How much does advertising affect our kids? It's possibly more than we might imagine, considering all the marketing messages that surround them, in the physical and online worlds.

A fair chunk of that is advertising for unhealthy food and drink. And it's hard to imagine this doesn't have any effect.

It is an issue that's in the spotlight globally, with the EU announcing a proposal to tighten up the rules about the advertising of unhealthy foods and alcohol to children.

Here in New Zealand, a new Children and Young People's Advertising Code will come into effect in early July. The code includes specific rules around the advertising of unhealthy food and beverages.


What are termed "occasional foods" are not to be promoted as everyday foods, and advertising promotions are not to be seen to encourage excessive consumption.

The location of ads targeting kids is also broadly limited, with the Code stating: "Advertisements (including sponsorship advertisements) for occasional food or beverage products must not target children or be placed in any media where children are likely to be a significant proportion of the expected average audience."

That's an interesting statement, given that advertising is defined as "any message, the content of which is controlled directly or indirectly by the advertiser, expressed in any language and communicated in any medium with the intent to influence the choice, opinion or behaviour of those to whom it is addressed".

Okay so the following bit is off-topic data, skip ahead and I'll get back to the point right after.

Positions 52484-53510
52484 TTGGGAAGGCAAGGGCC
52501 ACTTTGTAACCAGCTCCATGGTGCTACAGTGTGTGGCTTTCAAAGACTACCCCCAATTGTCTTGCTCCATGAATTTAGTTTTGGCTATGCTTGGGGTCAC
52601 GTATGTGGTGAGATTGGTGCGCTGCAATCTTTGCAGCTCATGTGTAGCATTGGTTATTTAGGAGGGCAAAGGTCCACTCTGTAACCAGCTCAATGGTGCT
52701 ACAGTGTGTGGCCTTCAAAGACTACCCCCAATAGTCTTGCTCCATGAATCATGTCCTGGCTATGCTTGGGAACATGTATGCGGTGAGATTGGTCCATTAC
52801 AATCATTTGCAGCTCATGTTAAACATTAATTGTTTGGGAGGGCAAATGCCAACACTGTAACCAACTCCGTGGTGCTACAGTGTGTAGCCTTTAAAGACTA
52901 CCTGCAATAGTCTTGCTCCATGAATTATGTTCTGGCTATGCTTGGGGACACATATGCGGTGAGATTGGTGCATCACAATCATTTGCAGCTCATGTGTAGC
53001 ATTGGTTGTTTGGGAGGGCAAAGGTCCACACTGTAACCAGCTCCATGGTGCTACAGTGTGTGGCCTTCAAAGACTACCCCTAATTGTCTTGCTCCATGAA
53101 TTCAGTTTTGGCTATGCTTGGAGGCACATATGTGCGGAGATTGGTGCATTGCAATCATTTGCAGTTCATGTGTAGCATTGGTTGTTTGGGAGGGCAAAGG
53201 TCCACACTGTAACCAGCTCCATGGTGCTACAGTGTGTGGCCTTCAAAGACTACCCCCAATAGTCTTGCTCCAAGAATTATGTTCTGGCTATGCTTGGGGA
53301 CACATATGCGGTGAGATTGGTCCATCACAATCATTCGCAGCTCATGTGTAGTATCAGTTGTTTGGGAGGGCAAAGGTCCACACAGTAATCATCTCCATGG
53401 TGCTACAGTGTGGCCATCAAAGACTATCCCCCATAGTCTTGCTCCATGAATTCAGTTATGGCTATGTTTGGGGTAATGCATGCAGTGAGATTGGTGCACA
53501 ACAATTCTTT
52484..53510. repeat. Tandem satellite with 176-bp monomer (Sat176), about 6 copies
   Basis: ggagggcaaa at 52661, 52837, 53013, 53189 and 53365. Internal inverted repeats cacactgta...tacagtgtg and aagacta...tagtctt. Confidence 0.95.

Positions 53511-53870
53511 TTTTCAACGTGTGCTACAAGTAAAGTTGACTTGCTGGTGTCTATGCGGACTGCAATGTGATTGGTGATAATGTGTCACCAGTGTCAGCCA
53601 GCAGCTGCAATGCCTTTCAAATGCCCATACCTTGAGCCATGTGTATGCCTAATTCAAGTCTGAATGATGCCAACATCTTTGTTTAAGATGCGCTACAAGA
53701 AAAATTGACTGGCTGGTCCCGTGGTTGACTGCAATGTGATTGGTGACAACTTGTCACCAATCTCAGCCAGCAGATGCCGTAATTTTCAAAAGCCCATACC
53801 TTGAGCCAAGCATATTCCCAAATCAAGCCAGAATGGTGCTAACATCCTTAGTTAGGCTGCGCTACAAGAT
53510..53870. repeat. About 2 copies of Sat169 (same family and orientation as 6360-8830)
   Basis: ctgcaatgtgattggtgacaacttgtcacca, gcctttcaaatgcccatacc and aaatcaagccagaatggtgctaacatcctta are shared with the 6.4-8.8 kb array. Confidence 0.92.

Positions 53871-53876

That immediately makes me think of the corner dairy before and after school; these outlets are typically plastered with marketing for unhealthy foods. How the code might be enforced here will be interesting to observe.

The ubiquity of advertising in kids' lives is evident in research carried out by a team at Auckland University under the direction of the University of Otago's Professor Louise Signal.

The Kids'Cam study aimed to explore children's everyday environments by documenting what kids see throughout the day - while at home, at school and during most other activities.

To directly and objectively capture the environment surrounding them, children were asked to wear a GPS device and a camera around their necks for four days, which automatically took photographs every 10 seconds. This project was one of the first in the world to use this type of technology to explore children's environments.

The images captured by the kids' cameras show them living in a world saturated with food advertising, the vast majority of it for unhealthy foods and drinks. This ranges from signage at sports fields to in-store promotions to promotional clothing.


Given that the new code, like all ASA Codes, is the advertising industry's own self-regulation, rather than law, it seems unlikely the majority of the ad messages in kids' lives will get much attention.

Unless, of course, we do something.

Anyone can make an ASA complaint. There is an opportunity here for us to use our power as consumers to change the food environment for the better. Let's get our cameras out and make some noise.

• Niki Bezzant is editor-at-large of Healthy Food Guide.